October 7, 2016, marked Manufacturing Day — a celebration of modern manufacturing meant to inspire the next generation of manufacturers. Although it was a month ago, I think it is still appropriate to honor the occasion with a report on our trip to Americas’ premier manufacturing show — the International Manufacturing Technology Show. IMTS lived up to its description. It is one of the largest industrial trade shows in the world and this year featured more than 2,400 exhibiting companies and over 115,000 registrants – its third largest attendance in its history.
If you want to take a peek at some of the programs that were at the show, IMTS produced a video series that “explores the heart and soul of advanced manufacturing and brings you stories from experts on advanced technology trends, business development expertise, valuable information on new products, equipment and services and economic, political, and educational issues facing the modern manufacturing industry.”
The event was a great place to catch up with technology trends. There were educational sessions, discussions and exhibits on additive manufacturing, robotics automation, hybrid machines, embedded sensors and processors, and the acceleration and acceptance of protocols that will help move the Industrial Internet of Things. The Internet of Things is a concept closely related to manufacturing automation as the growing interest in remotely-operated equipment is creating a demand for information and communication technologies to coordinate and manage the equipment.
Manufacturers are currently looking for quick and accurate answers from their equipment. Remote monitoring and control of equipment allows manufacturers to automate additional industrial processes to perform tasks faster and more accurately. Efficiencies are gained through continuous, consistent operations, improved communications, and reduced infrastructure. Safety can be improved by removing personnel from dangerous environments and placing them in remote control rooms where they can operate equipment from a safe distance.
I’m sure safety was on the minds of the producers of “Olli,” a self-driving electric vehicle that deftly navigated through the structural support pillars in C-Hall. Equipped with Internet of Things (IoT) technology, Olli showed how 3D printing is fundamentally changing the way manufacturers create products, in turn creating a future where product development timelines are significantly reduced. (You can see a video of Olli on IMTStv.)
We understand the need for fast, accurate equipment. At our booth we demonstrated portable XRF analyzers, which are indispensible tools for helping to ensure that the right alloys are used in the correct percentages because even slight variations in the recipe can render parts defective. Material verification for alloy quality assurance and quality control (QA/QC) is critical to product safety; wrong or out-of-specification metal alloys can lead to premature and potentially catastrophic part failures. If airplane parts are not manufactured with the precise alloy specified for the application, the parts may not be able to support the weight and stresses they are designed to bear. Portable XRF analyzers are able to accurately and quickly determine alloy composition and grade; just point and shoot on the incoming materials, components on the production line, or on finished products before they go out the door. Positive material identification can be achieved in seconds.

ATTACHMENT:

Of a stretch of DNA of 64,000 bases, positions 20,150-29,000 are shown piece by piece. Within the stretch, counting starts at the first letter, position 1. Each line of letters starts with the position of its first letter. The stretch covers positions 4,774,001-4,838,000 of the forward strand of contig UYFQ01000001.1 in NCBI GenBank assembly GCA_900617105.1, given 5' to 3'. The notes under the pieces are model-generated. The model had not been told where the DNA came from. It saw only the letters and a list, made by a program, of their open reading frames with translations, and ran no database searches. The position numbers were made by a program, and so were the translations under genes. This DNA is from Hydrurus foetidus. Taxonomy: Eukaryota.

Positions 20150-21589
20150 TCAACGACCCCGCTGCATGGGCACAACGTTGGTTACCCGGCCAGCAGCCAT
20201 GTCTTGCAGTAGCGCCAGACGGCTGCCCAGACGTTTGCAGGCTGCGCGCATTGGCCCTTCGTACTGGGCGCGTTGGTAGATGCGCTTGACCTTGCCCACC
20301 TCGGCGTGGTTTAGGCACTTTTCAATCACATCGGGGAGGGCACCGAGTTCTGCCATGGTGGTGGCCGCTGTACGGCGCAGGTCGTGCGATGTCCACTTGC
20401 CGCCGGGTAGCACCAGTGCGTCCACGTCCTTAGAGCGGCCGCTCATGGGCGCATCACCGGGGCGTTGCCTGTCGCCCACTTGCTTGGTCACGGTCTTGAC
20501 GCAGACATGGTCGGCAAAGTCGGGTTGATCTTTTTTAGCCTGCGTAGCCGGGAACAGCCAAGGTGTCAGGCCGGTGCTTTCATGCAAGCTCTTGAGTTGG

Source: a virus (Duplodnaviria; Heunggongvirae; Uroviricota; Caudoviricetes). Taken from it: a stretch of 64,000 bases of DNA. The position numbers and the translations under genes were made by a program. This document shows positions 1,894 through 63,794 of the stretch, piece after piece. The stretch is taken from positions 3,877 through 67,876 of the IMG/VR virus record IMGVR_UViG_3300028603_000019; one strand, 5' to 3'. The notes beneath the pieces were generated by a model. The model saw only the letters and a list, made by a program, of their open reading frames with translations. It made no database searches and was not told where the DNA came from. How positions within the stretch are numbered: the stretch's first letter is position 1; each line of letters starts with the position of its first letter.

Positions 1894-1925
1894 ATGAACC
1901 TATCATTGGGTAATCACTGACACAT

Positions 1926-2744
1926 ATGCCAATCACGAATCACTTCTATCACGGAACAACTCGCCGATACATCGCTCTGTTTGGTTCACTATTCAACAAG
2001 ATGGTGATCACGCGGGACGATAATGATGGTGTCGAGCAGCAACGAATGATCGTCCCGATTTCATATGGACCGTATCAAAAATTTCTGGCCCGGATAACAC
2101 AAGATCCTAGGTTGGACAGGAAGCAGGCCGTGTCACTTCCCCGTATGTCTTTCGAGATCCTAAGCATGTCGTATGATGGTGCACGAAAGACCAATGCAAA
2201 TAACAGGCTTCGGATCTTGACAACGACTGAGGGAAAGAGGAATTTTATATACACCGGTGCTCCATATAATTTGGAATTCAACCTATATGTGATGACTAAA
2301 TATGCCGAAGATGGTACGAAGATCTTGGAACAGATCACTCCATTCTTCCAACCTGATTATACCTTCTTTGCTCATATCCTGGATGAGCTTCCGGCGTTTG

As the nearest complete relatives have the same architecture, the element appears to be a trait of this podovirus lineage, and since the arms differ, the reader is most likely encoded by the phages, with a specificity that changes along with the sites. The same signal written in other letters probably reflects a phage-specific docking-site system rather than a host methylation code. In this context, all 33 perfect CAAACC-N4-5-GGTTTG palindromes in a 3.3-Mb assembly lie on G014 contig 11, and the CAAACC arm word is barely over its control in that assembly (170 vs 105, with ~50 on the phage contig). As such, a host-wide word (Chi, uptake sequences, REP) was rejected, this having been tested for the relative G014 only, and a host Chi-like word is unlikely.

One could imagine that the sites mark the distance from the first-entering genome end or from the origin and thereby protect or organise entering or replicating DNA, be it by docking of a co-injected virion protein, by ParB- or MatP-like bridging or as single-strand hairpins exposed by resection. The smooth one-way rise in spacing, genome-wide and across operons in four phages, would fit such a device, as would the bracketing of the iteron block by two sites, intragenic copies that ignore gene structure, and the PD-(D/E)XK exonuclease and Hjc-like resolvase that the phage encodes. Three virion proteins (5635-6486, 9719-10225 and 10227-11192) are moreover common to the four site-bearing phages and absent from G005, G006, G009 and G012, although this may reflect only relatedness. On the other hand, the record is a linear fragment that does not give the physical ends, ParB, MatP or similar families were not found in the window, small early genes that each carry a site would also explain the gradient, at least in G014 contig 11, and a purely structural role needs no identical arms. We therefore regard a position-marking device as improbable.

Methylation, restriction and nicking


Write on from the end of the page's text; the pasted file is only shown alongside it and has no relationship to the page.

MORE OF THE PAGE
You can read about how X-ray fluorescence (XRF) technology is increasingly being adopted in the auto making industry as a way to understand which elements are being incorporated into the making of a car – on the spot, and in real time. (Click here to learn more about tools and technologies to identify unknown materials and verify material composition throughout the automotive product development and manufacturing process.)
Even metal components as small as fasteners – such as screws, nuts, bolts, and clamps – must be made with the precise alloy required or catastrophes can happen.
Although not a catastrophe, I was quite disappointed that I that I didn’t get a chance to dine at my favorite restaurant, LH at LondonHouse Chicago, during the week. Its tri-level rooftop venue overlooks the Chicago River and offers sweeping views of the city. I hope you were able to take in the sights of the area while you were there. If you didn’t already, and you get a chance to visit the area again, take the classic historical Chicago kayak tour. It’s well worth the time. This “relaxing 2.5 hour kayak tour guides you through the picturesque urban chasm that is the Chicago River as it flows through downtown.”
Getting back to the show recap, during the opening ceremonies, U.S. Secretary of Commerce Penny Pritzker gave the keynote speech. She stated that, “There are three key reasons why Made in America remains the best brand in the world: our people, our business climate and our capacity to innovate.”
And I’d like to add: our XRF technology.